Marshall University’s Department of Civil Engineering has received $1.3 million from Kenai Defense Company LLC to help with an Air Force Civil Engineering Center research project, exploring applications for the use of carbon nanostructures.
Dr. Greg Michaelson, a faculty member in civil engineering and the associate dean of the College of Engineering and Computer Sciences, will be principal investigator on the project, with help from other civil engineering faculty members Dr. Andrew Nichols, Dr. Suk Joon Na and Dr. Sungmin Youn.
“The main goal of the research is to assess the viability of producing carbon nanomaterials (such as graphene, carbon nanotubes, etc.) from locally available coal in West Virginia,” Michaelson said. Carbon nanomaterials can be used widely in material science and engineering, but most commercially available products are not domestically produced.
“This project looks to see if West Virginia coal is a viable feedstock source for production of these nanomaterials,” Michaelson said. “Marshall University will be the lead in sampling coal resources across the state, conducting bench-scale testing in producing nanomaterials from our local resources, and testing their performance in reinforcing asphalt and concrete installations.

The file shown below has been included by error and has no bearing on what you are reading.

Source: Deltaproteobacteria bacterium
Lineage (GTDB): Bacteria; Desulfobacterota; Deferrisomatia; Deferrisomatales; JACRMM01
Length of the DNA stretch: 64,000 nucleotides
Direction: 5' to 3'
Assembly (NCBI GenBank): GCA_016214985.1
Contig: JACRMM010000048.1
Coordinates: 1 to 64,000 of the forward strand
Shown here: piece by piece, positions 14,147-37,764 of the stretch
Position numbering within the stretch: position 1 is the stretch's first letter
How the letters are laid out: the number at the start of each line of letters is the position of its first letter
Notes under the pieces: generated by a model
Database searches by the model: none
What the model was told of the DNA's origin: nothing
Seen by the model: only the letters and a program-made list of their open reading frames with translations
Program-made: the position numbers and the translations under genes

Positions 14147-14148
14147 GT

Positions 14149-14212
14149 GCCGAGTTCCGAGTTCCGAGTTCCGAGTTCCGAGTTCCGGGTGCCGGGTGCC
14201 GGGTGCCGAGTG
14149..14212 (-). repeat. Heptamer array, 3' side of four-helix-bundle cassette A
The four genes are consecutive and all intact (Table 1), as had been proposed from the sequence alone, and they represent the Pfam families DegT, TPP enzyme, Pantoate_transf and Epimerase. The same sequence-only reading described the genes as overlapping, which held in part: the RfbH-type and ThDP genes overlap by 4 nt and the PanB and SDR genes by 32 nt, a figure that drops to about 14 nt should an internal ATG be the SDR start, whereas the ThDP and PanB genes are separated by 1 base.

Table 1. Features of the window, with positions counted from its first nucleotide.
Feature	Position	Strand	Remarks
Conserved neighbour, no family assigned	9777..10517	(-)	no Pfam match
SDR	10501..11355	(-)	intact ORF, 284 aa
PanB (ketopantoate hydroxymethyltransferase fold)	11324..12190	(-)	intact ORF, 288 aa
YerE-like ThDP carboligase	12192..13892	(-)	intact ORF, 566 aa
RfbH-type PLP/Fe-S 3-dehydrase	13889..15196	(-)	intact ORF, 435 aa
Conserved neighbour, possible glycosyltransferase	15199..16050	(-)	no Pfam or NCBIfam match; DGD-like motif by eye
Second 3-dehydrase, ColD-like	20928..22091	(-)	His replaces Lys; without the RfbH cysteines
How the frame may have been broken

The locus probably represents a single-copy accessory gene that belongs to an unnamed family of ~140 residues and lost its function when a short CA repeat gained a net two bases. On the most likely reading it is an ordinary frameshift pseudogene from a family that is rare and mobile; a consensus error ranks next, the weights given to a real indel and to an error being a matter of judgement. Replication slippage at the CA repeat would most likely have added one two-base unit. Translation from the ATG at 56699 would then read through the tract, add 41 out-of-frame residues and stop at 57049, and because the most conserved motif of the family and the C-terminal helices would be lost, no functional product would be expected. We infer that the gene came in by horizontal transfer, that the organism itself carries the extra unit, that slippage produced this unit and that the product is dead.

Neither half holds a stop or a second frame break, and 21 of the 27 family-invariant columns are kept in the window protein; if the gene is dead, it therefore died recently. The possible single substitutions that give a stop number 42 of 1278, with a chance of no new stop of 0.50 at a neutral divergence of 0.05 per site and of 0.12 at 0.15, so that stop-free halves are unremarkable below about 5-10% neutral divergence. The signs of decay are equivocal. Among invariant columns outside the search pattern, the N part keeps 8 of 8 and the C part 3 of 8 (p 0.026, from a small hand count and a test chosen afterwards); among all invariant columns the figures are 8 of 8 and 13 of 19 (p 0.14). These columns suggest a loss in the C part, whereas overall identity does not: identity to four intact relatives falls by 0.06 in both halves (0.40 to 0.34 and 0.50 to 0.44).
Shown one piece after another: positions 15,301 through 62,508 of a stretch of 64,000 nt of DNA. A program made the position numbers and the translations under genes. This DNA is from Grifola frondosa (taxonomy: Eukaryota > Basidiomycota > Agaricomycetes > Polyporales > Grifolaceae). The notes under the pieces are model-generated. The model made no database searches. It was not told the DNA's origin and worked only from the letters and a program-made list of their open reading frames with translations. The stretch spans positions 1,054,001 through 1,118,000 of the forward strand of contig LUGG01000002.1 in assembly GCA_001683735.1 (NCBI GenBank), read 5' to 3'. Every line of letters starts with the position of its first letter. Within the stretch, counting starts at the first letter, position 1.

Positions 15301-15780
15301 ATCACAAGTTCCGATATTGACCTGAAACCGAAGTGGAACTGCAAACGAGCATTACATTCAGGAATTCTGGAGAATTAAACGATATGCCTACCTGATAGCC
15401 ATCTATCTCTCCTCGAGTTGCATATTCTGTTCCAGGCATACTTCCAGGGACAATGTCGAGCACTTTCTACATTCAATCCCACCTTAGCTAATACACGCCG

“While our focus is applying these nanomaterials to strengthen and extend the life of asphalt and concrete, just the potential of locally generating these materials has a significant benefit. Carbon nanomaterials have vast applications in civil, mechanical, electronic, and aerospace engineering systems. It’s a great opportunity for West Virginia to contribute to a growing national interest in being able to source these materials locally.”
“The faculty members in the Department of Civil Engineering who will be conducting this research bring a wealth of experience and knowledge to a project that has exciting applications,” said Dr. Isaac Wait, professor of civil engineering and chair of the Department of Civil Engineering said. “Translating science and engineering into solutions that benefit West Virginia and our region is a key focus of our department, and this initiative has the potential to help develop new technologies, build new markets and provide valuable experience for our students.”
Marshall University is appreciative of its West Virginia Congressional delegation for supporting the project, said Charlotte Weber, vice president for government relations at Marshall.
“This project helps the Air Force solve capability gaps and provides for new ways to produce carbon nanomaterials using our West Virginia coal,” she said.
For more information about Marshall’s Department of Civil Engineering, visit https://www.marshall.edu/cecs/civil-engineering/.